Treasury bonds extended gains on Thursday, pushing yields to session lows, after the Federal Reserve concluded its two-day policy meeting and decided to keep benchmark interest rates unchanged.
The yield on the benchmark 10-year Treasury note was at 2.217 percent, near a session low, after closing at 2.303 percent on Wednesday. The yield on the 30-year Treasury bond fell to 3.036 percent, after closing at 3.09 percent. The yield on a bond falls when its price rises.
Short-dated yields, which are highly sensitive to the Fed's monetary policy forecasts, also sat near session lows, with the two-year note yield giving up the week's gains. Two-year note yields tumbled 12 basis points, losing about 15 percent of their value, to 0.70 percent, after rising to a four-year high of 0.811 percent on Wednesday.
Equity investors piled into the iShares 20+ Year Treasury Bond ETF , which tracks the prices of government bonds with longer maturities, in a bet that rates will stay lower for longer. The ETF rose by more than 1 percent Thursday, paring its losses for the year to under 5 percent.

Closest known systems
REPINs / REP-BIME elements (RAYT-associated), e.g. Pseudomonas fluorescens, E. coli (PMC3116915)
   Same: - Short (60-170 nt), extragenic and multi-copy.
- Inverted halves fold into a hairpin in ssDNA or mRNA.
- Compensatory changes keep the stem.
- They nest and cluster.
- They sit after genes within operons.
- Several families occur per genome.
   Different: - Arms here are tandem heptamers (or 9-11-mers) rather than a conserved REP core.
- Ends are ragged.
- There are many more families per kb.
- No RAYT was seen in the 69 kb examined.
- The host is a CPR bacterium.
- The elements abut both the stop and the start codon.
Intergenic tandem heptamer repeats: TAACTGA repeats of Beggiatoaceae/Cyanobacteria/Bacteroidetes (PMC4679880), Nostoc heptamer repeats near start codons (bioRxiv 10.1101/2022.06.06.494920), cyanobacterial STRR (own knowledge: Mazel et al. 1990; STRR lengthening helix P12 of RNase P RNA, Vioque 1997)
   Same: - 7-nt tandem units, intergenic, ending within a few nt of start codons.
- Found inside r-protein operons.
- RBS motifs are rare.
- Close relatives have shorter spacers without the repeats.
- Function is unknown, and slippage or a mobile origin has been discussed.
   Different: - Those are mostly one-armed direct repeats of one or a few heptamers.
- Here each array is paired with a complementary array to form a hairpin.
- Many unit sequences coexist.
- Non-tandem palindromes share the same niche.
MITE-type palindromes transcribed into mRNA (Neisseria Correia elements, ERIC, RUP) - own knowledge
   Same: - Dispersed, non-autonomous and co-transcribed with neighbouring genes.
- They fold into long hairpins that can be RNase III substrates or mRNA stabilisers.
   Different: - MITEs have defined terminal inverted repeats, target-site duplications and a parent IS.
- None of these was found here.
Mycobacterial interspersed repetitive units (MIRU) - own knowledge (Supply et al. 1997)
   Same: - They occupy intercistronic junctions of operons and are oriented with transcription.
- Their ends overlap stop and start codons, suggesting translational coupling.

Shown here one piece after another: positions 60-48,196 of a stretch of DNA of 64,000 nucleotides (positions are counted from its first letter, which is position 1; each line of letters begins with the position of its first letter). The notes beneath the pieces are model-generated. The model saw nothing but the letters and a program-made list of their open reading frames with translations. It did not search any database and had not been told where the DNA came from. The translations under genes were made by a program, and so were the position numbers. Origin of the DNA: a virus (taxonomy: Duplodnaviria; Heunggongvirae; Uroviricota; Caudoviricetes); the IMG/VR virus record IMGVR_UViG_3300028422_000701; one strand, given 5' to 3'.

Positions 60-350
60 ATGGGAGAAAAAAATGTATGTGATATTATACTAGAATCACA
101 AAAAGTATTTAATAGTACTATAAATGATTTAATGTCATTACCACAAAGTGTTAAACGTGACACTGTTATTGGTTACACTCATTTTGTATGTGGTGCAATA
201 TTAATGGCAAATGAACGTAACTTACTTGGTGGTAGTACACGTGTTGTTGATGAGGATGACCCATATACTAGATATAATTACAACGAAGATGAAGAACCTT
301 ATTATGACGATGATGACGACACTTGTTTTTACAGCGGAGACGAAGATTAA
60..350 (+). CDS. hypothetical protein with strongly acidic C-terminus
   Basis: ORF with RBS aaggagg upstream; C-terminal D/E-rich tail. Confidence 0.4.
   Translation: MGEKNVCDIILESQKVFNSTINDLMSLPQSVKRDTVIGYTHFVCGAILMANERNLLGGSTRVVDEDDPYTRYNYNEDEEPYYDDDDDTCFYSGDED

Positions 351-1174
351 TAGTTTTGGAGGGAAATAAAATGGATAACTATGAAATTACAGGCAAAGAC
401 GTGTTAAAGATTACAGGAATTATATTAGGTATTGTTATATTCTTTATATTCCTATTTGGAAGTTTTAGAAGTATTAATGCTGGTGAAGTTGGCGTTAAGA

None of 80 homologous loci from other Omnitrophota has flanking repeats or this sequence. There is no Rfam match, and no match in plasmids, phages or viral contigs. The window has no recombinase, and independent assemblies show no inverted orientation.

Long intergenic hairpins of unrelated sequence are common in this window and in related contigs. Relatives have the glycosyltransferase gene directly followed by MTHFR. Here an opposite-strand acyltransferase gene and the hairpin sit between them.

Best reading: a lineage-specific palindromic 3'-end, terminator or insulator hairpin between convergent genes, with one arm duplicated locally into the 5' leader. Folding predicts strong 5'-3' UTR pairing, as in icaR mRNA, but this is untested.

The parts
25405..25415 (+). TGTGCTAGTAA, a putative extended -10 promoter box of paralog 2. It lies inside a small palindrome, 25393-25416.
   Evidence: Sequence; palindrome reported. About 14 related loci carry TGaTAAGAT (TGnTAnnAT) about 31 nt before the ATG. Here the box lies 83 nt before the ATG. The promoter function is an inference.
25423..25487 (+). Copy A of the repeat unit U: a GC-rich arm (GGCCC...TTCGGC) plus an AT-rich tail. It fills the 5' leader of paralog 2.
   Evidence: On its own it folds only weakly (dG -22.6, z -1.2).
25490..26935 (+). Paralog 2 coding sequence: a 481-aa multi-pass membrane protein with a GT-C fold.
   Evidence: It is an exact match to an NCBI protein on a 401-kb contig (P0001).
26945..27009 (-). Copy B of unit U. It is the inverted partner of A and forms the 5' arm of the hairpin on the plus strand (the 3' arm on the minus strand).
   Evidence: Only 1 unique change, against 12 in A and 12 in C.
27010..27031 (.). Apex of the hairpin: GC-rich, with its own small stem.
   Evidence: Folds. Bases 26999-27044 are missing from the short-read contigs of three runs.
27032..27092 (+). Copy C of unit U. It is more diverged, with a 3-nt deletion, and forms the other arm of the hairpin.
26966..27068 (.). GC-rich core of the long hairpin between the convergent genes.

An argument can be made for an interest rate rise at this time, but "in light of the heightened uncertainties abroad and a slightly softer expected path for inflation," the committee wanted to wait for further improvement in the labor market, among other developments, to bolster its confidence that inflation would meet its targets, Fed chair Janet Yellen said in a news conference on Thursday.
Fed policymakers slightly lowered their projections for growth and inflation in the next two years, an outlook that likely factored into their decision to hold off on raising interest rates.
The "Fed is even more dovish this time because they don't see core inflation moving back to two percent until 2018," said Joseph Lavorgna, chief U.S. economist for Deutsche Bank.
The central banks also reduced its estimate for long-run unemployment to 4.9 percent from 5 percent. This suggests that it is willing to wait for unemployment to fall further before cutting rates. Unemployment stands at 5.1 percent.
"The Fed follows the bond market. The bond market loudly advised against a hike and the Fed, true to form, listened," Jeffrey Gundlach, founder of Doubleline Capital, told CNBC after the decision.